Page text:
Nigeria LNG Limited (NLNG) in conjunction with the Committee for Relevant Art (CORA) put together a modest book party on Sunday, August 8, 2021 for the 11 books shortlisted for Nigeria Prize for Literature 2021.
The book party returned with its 12th edition after it could not hold last year due to Covid-19 pandemic. The event was held in compliance with Covid-19 protocols at Eko Hotels and Suites, Victoria Island, Lagos. Others joined the event virtually.
The 11 books on the shortlist include Delusion of Patriots by Obianuju Chukwuorji, Give Us Each Day by Samuel Monye, Imminent River by Anaele Ihuoma, In The Name of Our Father by Olukorede Yishau and Mountain of Yesterday by Tony Nwaka.
Others are Neglected by Lucy Chiamaka Okwuma, The Colours of Hatred by Obinna Udenwa, The Girl with The Louding Voice by Abi Dare, The Return of Half- Something by Chukwudi Eze, The Son of The House by Cheluchi Onyemelukwe-Onuobia and Your Church My Shrine by Law Ikay Ezeh.
Ten of the writers on the shortlist attended physically, except Abi Dare who joined virtually from outside the country. She was represented physically at the event by her mother.
Delivering an opening remark, secretary general of CORA Toyin Akinosho read an excerpt from Phebean Ogundipe’s Up-Country Girl. He also congratulated the board and management of NLNG on the milestones recorded.
NLNG’s corporate communications manager Sophia Horsfall also welcomed the audience in her speech.
Kick-starting the book reading was actor and culture activist Charles Ukpong. He read excerpts from Give Us Each Day by Samuel Monye and Mountain of Yesterday by Tony Nwaka.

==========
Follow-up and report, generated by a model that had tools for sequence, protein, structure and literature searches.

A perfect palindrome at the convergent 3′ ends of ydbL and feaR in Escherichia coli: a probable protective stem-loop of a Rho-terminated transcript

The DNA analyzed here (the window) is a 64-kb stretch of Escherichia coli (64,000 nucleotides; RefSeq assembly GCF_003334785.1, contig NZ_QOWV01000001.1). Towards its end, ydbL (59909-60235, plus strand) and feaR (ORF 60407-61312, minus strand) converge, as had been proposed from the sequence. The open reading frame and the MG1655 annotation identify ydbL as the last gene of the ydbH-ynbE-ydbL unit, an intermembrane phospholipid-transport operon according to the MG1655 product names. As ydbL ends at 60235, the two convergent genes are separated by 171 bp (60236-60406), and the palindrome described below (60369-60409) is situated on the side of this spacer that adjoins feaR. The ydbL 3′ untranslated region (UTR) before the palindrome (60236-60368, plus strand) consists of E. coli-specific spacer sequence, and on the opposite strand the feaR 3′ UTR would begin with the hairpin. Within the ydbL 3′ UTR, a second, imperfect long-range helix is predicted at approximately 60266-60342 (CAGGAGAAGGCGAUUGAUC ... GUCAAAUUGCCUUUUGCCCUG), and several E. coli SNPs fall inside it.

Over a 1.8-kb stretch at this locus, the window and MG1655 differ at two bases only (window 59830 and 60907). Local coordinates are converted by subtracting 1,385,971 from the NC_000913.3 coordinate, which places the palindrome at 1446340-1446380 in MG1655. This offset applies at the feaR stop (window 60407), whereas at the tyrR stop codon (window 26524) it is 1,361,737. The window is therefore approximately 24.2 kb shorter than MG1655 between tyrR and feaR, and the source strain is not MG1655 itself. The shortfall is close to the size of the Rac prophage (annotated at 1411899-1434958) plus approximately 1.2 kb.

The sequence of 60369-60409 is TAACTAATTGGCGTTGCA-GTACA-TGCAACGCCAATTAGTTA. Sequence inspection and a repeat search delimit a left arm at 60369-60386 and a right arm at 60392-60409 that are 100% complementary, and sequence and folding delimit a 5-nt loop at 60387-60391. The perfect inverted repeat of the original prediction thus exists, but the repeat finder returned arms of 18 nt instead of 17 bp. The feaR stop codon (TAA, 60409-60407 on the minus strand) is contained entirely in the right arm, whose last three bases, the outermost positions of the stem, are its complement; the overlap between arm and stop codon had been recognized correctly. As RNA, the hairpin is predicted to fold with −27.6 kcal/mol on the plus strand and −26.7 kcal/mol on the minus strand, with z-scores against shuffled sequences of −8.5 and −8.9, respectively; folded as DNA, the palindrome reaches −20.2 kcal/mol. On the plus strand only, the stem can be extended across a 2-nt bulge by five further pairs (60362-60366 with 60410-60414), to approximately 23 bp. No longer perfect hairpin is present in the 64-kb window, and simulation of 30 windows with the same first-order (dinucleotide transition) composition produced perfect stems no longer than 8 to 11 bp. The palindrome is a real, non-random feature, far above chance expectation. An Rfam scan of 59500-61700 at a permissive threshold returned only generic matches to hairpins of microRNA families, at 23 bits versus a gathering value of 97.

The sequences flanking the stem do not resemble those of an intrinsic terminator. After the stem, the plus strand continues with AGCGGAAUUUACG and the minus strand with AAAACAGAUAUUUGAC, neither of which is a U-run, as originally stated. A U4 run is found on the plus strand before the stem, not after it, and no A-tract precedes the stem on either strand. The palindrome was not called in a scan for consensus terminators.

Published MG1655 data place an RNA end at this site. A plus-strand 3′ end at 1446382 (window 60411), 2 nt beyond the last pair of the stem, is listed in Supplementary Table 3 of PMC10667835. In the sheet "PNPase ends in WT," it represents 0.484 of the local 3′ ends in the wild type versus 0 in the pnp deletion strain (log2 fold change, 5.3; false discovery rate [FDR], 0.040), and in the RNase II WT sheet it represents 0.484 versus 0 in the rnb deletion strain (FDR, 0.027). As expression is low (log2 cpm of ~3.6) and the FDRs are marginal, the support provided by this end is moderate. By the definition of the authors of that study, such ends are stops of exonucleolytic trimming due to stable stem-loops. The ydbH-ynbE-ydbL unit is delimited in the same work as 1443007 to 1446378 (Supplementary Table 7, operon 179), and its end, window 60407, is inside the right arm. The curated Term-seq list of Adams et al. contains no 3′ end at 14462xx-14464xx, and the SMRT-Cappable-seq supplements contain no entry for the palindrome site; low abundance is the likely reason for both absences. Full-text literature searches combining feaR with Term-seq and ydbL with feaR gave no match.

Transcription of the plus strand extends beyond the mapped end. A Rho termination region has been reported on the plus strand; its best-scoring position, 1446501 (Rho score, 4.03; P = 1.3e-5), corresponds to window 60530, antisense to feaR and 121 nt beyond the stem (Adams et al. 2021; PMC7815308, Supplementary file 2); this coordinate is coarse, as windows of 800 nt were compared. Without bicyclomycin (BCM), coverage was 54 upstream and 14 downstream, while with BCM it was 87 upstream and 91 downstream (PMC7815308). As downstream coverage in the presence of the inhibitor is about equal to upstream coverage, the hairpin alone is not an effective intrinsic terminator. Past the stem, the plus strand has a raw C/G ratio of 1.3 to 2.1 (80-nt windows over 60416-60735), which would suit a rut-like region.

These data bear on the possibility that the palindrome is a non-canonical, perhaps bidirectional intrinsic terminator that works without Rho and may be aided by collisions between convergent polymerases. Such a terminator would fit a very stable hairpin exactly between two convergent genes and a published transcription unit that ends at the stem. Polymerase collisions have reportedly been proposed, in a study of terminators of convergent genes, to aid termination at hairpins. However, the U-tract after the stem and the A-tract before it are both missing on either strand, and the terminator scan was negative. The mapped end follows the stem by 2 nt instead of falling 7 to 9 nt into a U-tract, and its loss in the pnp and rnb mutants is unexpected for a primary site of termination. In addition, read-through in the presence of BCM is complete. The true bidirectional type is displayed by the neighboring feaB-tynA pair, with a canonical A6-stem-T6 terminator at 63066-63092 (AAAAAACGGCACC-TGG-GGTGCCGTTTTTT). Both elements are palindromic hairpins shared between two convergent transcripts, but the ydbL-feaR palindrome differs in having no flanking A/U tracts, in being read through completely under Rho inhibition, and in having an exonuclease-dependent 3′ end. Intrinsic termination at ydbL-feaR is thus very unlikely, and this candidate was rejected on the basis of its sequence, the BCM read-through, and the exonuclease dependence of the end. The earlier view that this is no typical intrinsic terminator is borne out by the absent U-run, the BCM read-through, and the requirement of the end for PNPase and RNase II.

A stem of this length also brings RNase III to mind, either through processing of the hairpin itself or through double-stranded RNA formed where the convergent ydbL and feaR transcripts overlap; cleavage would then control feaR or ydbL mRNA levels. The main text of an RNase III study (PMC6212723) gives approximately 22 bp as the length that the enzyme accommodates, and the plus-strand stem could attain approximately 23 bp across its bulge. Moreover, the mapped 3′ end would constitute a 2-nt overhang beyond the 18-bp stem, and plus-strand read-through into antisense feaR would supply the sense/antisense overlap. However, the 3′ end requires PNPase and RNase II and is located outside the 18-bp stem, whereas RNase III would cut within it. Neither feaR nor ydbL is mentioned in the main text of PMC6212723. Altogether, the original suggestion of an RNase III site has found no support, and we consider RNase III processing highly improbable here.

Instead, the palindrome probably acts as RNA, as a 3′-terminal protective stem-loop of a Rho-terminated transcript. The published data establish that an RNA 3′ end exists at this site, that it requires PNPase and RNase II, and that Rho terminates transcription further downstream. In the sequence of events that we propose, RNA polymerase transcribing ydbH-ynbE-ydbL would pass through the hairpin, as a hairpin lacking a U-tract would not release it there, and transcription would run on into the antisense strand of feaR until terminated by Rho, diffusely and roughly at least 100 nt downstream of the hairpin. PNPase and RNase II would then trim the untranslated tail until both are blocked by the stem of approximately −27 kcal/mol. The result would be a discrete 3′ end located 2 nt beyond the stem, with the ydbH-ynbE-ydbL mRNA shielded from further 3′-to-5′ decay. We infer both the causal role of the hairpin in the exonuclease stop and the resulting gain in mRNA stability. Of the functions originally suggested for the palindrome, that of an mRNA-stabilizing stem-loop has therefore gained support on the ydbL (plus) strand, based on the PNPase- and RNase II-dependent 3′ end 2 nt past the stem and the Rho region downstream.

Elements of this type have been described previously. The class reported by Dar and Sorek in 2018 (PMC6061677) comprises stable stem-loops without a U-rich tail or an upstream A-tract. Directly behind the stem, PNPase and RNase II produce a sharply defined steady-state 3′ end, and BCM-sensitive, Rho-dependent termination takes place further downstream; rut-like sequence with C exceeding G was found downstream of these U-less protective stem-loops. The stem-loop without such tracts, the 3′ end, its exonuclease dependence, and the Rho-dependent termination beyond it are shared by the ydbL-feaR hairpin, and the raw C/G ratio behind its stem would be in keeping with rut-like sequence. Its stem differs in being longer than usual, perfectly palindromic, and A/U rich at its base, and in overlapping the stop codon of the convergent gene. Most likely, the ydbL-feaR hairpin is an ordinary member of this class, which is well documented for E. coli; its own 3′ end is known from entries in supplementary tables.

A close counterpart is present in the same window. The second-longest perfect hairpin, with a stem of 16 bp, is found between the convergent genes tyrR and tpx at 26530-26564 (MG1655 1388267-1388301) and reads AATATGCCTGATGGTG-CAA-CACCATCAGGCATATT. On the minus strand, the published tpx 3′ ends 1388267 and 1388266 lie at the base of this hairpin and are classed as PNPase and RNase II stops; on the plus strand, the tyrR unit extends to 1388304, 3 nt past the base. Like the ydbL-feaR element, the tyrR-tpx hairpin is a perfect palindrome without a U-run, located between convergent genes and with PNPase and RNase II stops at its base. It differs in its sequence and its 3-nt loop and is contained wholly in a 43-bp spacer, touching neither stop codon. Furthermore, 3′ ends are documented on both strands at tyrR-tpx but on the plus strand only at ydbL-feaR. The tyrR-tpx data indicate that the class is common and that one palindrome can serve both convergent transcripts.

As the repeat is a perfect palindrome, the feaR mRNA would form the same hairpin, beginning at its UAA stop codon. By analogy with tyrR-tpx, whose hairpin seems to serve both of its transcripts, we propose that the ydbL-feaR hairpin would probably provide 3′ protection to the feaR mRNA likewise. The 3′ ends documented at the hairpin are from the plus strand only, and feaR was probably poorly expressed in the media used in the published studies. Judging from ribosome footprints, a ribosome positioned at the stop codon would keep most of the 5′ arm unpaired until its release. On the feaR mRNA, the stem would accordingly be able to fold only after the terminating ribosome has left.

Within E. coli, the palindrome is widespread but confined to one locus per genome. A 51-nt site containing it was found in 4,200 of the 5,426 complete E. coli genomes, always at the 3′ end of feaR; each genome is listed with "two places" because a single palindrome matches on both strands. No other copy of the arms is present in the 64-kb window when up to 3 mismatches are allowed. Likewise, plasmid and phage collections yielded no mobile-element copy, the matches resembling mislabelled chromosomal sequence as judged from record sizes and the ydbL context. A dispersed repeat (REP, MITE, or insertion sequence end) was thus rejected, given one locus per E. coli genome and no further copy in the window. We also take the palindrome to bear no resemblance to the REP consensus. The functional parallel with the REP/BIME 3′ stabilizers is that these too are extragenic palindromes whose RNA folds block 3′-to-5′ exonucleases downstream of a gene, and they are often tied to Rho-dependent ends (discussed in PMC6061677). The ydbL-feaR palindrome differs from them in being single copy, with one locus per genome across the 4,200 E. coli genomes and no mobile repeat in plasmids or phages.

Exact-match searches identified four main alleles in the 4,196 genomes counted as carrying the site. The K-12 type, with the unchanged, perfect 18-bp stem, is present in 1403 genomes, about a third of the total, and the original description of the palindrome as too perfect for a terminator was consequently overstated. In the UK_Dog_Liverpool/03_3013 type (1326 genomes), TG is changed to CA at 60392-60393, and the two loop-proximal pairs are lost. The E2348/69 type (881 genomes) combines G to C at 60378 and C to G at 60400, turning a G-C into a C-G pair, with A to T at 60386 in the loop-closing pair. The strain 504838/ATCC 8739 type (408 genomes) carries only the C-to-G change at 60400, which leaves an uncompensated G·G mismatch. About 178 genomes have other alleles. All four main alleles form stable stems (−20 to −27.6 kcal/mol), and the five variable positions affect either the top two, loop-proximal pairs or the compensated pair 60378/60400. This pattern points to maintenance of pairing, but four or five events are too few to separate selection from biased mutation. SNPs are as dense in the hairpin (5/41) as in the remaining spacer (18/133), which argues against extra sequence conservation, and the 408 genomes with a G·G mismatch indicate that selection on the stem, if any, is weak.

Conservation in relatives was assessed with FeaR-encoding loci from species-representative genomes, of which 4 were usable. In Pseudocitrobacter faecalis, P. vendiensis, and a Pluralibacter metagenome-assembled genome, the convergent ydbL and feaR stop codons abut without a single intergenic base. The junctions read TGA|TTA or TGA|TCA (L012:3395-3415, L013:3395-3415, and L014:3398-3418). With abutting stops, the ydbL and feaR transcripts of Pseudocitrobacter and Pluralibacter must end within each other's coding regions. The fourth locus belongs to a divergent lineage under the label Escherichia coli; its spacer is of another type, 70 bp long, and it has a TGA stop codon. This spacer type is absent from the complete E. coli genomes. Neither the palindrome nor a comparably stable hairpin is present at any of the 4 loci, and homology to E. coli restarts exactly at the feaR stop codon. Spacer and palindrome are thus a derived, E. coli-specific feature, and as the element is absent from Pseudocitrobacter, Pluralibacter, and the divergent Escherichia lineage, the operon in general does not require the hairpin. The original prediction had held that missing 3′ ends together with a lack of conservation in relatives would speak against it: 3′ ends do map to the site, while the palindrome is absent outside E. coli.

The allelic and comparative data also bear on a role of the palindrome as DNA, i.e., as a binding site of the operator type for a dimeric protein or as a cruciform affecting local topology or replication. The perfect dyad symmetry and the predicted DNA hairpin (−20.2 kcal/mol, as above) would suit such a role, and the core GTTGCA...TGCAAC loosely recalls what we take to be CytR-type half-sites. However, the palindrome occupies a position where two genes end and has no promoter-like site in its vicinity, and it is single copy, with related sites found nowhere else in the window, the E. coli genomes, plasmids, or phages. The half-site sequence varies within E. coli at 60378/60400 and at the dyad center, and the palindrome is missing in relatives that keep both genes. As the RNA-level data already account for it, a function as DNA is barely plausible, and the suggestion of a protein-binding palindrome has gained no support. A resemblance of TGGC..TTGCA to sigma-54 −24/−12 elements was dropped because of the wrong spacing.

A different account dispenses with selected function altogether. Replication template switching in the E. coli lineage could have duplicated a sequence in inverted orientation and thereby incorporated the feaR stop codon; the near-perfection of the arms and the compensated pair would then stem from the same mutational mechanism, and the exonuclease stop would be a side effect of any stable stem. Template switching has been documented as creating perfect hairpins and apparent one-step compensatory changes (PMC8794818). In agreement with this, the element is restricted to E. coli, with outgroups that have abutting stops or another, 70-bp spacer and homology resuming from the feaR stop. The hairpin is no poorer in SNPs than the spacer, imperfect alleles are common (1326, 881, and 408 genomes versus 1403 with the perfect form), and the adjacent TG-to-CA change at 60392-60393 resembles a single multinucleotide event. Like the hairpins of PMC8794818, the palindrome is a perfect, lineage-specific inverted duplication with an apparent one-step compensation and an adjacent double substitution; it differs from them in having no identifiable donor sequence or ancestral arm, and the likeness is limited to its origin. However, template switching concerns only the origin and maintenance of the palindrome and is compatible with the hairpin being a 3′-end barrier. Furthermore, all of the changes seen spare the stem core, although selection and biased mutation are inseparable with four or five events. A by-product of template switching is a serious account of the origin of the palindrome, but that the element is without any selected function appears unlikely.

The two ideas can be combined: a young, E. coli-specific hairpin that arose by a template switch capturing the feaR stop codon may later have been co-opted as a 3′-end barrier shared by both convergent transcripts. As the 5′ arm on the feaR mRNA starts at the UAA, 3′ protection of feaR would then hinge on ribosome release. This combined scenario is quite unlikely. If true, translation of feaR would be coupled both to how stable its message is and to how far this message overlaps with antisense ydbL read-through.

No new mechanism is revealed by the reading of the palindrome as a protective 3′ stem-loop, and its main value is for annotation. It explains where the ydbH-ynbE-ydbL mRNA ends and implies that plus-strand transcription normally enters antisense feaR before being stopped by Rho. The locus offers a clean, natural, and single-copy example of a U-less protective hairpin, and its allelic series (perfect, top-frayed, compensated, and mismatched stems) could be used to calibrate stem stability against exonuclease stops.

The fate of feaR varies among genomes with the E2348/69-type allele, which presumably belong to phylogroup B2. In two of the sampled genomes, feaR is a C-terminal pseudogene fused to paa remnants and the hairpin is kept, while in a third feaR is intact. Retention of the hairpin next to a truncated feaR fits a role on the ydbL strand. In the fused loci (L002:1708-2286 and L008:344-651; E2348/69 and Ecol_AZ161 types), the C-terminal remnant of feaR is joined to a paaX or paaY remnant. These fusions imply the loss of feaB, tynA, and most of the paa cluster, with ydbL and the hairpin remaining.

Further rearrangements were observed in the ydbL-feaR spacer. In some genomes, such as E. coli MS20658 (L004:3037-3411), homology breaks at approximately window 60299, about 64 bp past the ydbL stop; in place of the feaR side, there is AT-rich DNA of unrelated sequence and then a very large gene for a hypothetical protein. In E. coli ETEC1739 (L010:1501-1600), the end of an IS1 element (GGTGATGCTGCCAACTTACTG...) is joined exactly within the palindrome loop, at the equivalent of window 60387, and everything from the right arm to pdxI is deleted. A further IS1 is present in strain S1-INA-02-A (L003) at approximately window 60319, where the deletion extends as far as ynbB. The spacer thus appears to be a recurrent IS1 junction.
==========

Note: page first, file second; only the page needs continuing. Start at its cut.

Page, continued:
Actors Francis Onwochei and Bimbo Manuel, actress Tina Mba and dramatist Achalugo also read excerpts from the other books.
Jojo and music group Magic Fingers provided entertainment in-between readings.
Co-host of The Morning Show on Arise TV and author of nine books, Rufai Oseni, helped the audience to meet the authors of the shortlisted books.
Nwaka, author of Mountain of Yesterday, said he began writing literature after he turned 50. His first book The Law of the Creeks was written about six years ago. Nwaka said he centred his shortlisted book on the evil practices women are subjected to in the Niger Delta.
“I’m a product of my environment. I was born in the midst of story tellers,” Ihuoma, author of Imminent River, said about his journey to becoming a writer. His book is centred on the slave trade and its aftermath.
Eze, an architect and author of The Return of Half-Something, said he made up his mind to get out of poverty through academics. He did not fail to highlight the fact that he designed the Olusegun Obasanjo Presidential Library in Ogun State.
To wrap up the event, Horsfall urged the public to make out time to read. She also commended Nigerian writers for raising the bar in their narratives.
A shortlist of three is expected in September from which a winner will be announced by the advisory board for the prize in October.
The winner will be awarded a cash prize of $100,000.